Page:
Adobe has released a patch for two Flash player vulnerabilities that are being actively exploited against Windows and OS X users to install malware on their systems. The first of them, CVE-2013-0633, works by tricking Windows users into opening a Word document containing malicious Flash content, while the bug, cataloged as CVE-2013-0634, can be exploited via Apple’s Safari or Mozilla’s Firefox browsers in both platform as well as Word documents booby-trapped with malicious Flash content on Windows.
Adobe credited members of the Shadowserver Foundation, Lockheed Martin's Computer Incident Response Team, MITRE, and antivirus provider Kaspersky Lab for their help in discovering the vulnerabilities. Although only OS X and Windows have been reported to be under attack, Linux and Android received an update as well.
Users are warned to update their software as soon as possible using the in-built updater or standalone installer.
Ars notes Adobe’s advisory came the same day the company announced that a future version of Flash will make this sort of embedded attacks in Microsoft Office documents more difficult to achieve. Namely, it will introduce a "click-to-play" prompt for users of Office 2008 and earlier so content only runs with user approval. Office 2010 and later already has a “Protected Mode” that limits the privileges of content within a document.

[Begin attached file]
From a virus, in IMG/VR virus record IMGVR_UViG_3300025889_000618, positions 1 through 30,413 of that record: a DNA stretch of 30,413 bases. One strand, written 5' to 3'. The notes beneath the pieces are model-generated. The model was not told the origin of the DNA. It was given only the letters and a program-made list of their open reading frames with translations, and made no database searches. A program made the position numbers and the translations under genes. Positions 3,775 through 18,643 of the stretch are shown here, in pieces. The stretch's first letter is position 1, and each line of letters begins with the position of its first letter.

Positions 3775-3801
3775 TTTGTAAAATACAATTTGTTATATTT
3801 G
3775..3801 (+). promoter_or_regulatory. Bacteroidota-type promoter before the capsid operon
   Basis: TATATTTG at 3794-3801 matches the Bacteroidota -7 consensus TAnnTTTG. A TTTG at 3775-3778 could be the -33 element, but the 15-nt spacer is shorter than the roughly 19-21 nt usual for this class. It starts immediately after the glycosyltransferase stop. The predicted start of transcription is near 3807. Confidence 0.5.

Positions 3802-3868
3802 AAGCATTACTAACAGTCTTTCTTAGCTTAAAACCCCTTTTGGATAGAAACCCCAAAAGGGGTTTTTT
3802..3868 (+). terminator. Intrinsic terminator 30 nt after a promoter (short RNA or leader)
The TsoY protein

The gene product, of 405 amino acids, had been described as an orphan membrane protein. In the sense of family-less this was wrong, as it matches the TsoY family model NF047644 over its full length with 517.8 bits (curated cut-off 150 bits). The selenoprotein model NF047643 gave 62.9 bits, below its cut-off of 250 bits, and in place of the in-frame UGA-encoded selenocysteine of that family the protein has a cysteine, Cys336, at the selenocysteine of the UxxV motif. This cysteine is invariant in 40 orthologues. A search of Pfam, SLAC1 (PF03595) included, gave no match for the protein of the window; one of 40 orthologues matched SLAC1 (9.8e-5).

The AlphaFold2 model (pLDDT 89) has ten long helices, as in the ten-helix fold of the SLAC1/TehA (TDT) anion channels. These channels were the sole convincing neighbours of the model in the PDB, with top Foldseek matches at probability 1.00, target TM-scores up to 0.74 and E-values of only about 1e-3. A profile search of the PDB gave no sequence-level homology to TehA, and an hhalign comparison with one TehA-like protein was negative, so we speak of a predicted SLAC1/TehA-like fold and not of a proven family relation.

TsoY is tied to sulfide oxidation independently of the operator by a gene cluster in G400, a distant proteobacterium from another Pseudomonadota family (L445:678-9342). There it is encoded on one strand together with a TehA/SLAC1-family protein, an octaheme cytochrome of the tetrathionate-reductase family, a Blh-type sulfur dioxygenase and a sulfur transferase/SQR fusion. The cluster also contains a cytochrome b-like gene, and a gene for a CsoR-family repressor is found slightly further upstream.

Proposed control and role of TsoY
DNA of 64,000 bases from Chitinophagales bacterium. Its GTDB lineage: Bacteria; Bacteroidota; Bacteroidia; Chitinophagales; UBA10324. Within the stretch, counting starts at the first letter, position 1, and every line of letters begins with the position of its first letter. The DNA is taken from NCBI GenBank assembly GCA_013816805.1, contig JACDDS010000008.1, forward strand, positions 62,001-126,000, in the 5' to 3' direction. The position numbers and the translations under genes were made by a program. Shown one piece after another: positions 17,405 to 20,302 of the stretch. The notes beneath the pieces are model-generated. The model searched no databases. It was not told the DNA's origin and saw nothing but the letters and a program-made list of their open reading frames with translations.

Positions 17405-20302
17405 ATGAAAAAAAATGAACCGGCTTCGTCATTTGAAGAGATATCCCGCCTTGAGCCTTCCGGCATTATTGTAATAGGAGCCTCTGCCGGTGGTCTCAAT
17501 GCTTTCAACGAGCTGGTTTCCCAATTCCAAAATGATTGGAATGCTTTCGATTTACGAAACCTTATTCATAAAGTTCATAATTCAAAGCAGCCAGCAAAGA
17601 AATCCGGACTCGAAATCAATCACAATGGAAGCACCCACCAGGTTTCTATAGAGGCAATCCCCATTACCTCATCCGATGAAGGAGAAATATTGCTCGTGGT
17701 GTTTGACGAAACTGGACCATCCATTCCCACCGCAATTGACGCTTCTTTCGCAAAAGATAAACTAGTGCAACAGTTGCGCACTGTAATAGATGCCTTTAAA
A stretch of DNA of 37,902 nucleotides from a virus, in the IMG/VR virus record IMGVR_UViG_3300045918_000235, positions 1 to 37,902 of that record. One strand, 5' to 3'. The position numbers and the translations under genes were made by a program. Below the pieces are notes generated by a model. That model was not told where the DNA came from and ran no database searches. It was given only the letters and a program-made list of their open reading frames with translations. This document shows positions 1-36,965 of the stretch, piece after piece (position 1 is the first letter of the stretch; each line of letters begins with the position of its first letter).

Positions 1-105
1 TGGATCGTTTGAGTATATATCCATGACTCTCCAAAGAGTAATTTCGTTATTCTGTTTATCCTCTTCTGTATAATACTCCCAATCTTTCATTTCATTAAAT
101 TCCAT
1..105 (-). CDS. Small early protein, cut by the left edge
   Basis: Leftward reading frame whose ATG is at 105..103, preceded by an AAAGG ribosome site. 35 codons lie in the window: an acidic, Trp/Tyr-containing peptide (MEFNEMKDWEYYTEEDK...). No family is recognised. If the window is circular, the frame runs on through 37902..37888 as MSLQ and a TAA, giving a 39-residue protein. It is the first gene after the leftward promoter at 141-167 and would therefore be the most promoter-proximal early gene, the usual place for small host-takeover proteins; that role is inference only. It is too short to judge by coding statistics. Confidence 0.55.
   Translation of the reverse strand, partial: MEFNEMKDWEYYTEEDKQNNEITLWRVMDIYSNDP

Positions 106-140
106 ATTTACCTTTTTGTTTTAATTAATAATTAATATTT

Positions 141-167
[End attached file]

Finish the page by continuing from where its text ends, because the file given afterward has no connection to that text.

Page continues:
Mozilla also announced a similar security feature for an upcoming version of its Firefox browser. The change will happen gradually and eventually plug-ins like Silverlight, Adobe Reader, Java will be blocked by default. Flash will still be allowed to run but only when the most recent version is installed.